Although this charming little book is a quick read, it deserves to be returned to many times, to really admire and appreciate all of the unique, amazing, and well-done tattoos on display therein. In recent years, the old stereotypes of body modifications and the people who get them have been changing for the better. This book can only help in that endeavor. Far from displaying a bunch of bikers, criminals, delinquents, soldiers, and sailors, the type of people who are stereotypically associated with tattoos, these are people from a wide range of walks of life. Many of them are professionals and educated, and all put a lot of thought into these tattoos. And far from being the stereotypical fare of skulls, hearts, roses, and pin-ups girls, the tattoos themselves are also from a very diverse sampling.
The book was inspired by a typographic tattoo which Ms. Saltz saw on the subway one day, and after that discovery (which her subject happily let her photograph), she began seeing more and more tattoos that contained words, letters, and typographical symbols instead of the more standard traditional pictorial images. These people used a wide variety of typefaces for these tattoos, and sometimes even designed their own typefaces. I loved the ambiagram tattoos, the ones designed in a typeface that lets the word be read the same upside-down as it is when viewed rightside-up. People have gotten tattoos containing loved ones' names (very unique was the woman who got her blind lover's name tattooed in Braille on the top of the back of her neck), quotations from Shakespeare, the Bible, movies, songs (the story behind the 33 people who had the first 33 words of Holland's national anthem tattooed on them was a very interesting one, reflecting not only the diversity of the nation but also how much the Dutch love their country), popular quotations, works of literature, and other things which inspire them. One of my favorite word tattoos was the one containing the opening line of 'The Divine Comedy,' in the original Middle Italian, since I also find the opening lines of that long epic poem to be very beautiful, moving, and inspiring. The tattoos are also categorised into such divisons as love, self-love, self-expression, politics, religion, and personal beliefs.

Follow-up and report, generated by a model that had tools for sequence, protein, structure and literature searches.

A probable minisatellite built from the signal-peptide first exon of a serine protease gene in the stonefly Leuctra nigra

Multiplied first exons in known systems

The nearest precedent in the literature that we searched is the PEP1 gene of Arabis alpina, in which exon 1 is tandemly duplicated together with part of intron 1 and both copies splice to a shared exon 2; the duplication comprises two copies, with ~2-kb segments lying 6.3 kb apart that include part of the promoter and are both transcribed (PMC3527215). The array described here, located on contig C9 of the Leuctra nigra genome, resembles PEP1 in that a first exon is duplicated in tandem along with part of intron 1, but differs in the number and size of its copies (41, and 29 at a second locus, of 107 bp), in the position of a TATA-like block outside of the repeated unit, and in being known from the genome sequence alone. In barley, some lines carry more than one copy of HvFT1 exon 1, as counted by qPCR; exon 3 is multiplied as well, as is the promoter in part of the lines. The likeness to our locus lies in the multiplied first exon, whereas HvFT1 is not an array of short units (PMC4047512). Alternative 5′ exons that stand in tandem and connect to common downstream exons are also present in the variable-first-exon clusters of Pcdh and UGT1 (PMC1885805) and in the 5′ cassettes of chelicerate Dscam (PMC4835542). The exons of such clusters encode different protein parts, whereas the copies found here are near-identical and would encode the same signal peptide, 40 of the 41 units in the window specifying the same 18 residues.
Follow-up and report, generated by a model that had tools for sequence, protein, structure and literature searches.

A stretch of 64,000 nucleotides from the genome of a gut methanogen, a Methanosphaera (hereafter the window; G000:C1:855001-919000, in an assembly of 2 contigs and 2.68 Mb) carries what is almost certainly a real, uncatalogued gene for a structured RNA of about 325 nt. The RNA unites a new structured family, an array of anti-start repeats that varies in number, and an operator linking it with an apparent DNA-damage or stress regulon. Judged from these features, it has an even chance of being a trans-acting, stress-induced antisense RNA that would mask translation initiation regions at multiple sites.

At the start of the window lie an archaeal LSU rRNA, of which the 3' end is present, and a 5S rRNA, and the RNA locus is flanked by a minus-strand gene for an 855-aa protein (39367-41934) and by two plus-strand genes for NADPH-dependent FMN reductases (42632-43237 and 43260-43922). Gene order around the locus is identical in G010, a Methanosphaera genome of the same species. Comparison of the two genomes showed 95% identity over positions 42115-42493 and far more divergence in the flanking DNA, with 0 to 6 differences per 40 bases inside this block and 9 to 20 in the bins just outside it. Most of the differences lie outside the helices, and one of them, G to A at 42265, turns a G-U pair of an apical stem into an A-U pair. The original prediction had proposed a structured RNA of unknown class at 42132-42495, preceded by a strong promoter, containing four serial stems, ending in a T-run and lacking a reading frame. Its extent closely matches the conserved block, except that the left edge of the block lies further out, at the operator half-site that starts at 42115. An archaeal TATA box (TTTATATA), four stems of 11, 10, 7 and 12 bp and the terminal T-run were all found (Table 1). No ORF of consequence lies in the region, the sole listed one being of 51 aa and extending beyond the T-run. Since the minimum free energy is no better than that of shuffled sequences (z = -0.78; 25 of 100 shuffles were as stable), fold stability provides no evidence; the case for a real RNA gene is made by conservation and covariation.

Overall, this is a great small-sized coffeetable book full of great photography of a very unique subject. One doesn't need to have a tattoo or tattoos oneself to appreciate the photographs; I can't get a tattoo due to my religious beliefs, but I greatly admired all of the workpersonship and personal meaning that went into thinking up, designing, and executing these amazing tattoos, and even saw some I'd like to have myself if I were allowed to have a tattoo. I'd love for there to be a second volume, particularly because this one didn't include my own favoritest typefaces, Palatino and Bookman!